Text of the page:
Patient Online Access – A Guide For Primary Care

Patients can now access and transact with their practice online using a variety of web-based applications. It allows the patient to transact with their Practice online at a time convenient to them.

Current functionality for patients through online applications such as the NHS App allow patients to transact with:

  • Appointments to be booked or cancelled online
  • Repeat Prescription Requests
  • Medical Record online access

It is also important for practices to be aware that:

  • Sensitive information may be hidden from the patient’s view. This can either be done when the consultation is written up, or later when reviewing the notes. Details for EMIS Web here
  • Access to the medical record can be enabled for documents and consultations from a certain date. This makes it much safer in respect of inappropriate access to, say third party information.

The BMA GP contractual commitment is that, patients should be offered, and on request be able to access, prospective record access including free text consultation notes and documents ie hospital discharge letters, referral letters etc.

There are benefits from allowing access to the medical record and these include:

  • Patients have access to their problem list as well as medications that they can share freely to help manage their health. This is particularly beneficial for patients who have long term conditions
  • When blood tests or investigations are requested, patients can obtain the result, along with a comment from their GP, without having to contact the GP practice
  • Document access will allow patients to share in the letters sent to and from the hospital
  • Allowing access to the medical record will help reduce access for Subject Access Requests under GDPR
  • Access to immunisations will enable patients to know what they have had previously
  • One study showed that if 30% of your patients have FULL record access and use it at least twice a year, a practice is likely to save 10% of appointments and 100s of telephone calls. Link to reference.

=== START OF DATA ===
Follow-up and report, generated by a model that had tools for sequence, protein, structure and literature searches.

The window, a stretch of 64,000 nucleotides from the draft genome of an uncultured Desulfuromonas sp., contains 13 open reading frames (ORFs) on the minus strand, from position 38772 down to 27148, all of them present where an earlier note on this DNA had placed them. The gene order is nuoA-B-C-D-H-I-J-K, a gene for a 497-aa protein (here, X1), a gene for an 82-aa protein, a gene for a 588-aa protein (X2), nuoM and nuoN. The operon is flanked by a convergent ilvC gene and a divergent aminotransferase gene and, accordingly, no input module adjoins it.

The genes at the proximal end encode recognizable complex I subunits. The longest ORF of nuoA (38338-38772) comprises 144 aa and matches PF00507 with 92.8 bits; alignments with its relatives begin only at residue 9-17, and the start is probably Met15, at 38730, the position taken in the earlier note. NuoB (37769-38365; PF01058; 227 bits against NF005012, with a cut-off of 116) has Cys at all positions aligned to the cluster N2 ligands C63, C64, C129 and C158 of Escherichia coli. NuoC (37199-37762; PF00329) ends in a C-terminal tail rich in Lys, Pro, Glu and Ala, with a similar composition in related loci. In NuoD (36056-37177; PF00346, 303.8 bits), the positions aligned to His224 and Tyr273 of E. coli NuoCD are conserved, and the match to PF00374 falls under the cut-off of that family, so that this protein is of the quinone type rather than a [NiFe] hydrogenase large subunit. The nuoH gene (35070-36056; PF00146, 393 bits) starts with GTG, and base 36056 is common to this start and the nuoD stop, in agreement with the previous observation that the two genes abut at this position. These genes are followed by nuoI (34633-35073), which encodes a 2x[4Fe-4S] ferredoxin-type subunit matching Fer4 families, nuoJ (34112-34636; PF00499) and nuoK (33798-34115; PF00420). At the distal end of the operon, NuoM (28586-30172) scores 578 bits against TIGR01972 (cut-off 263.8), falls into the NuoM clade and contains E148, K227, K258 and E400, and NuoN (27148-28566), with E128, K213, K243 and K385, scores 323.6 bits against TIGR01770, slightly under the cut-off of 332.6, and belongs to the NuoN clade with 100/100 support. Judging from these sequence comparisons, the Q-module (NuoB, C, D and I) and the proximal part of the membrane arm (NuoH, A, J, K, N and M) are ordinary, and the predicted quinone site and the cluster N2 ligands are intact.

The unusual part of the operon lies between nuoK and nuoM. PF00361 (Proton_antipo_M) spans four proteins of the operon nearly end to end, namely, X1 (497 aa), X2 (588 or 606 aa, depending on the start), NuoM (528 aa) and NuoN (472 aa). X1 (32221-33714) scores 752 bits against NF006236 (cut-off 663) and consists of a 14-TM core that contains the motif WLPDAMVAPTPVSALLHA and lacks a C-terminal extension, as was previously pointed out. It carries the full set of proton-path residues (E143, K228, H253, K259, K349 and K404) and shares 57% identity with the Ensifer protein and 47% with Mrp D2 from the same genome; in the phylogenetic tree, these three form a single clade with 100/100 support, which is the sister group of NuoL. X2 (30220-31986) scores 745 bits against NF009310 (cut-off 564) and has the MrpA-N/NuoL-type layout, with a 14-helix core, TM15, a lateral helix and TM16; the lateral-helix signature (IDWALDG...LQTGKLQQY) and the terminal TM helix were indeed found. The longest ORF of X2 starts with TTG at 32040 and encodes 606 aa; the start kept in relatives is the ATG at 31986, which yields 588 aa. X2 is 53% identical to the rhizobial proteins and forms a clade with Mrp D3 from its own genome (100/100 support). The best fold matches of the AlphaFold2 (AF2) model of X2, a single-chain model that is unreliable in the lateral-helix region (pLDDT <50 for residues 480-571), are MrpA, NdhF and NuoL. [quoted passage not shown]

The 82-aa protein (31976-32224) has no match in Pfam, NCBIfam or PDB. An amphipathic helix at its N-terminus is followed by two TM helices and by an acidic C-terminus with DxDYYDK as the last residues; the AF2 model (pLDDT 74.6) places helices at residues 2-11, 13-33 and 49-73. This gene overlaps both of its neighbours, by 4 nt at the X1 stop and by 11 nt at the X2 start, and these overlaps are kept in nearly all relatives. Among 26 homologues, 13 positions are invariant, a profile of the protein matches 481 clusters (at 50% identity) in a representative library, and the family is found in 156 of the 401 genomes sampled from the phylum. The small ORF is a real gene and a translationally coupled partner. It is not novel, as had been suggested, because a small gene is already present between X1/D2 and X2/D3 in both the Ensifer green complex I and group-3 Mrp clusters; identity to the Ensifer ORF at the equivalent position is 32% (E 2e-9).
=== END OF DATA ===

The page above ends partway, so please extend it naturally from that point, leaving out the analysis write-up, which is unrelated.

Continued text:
There are global settings that need to be configured at an organisational level and these can then be further adjusted for each individual patient as required. This includes, for example, switching on GP comments for test results.

These recommendations apply to patients over the age of 16. Under 16s can also be granted personal access if they are deemed to be Gillick competent by their clinician. If a patient under the age of 16 is given their own access, it is recommended that a code is applied to the patients medical records:
EMISNQCO278  (Competent to consent to online access)

Online Access
When hovering over the icon in the patient precis bar, you can see the online status of the active patient

The colour of the icon signifies:
Green = Live (fully registered)
Amber = Inactive or Active (not activated access)
Black = Not registered

Proxy Access
Proxy access has also been developed further and further details are available on this from system suppliers. The details for EMIS are available here.

To note – patients with proxies allocated will be identified in the patient precis bar:

For children, proxy access is restricted at age 11 (to book one appointment) and then revoked at age 16.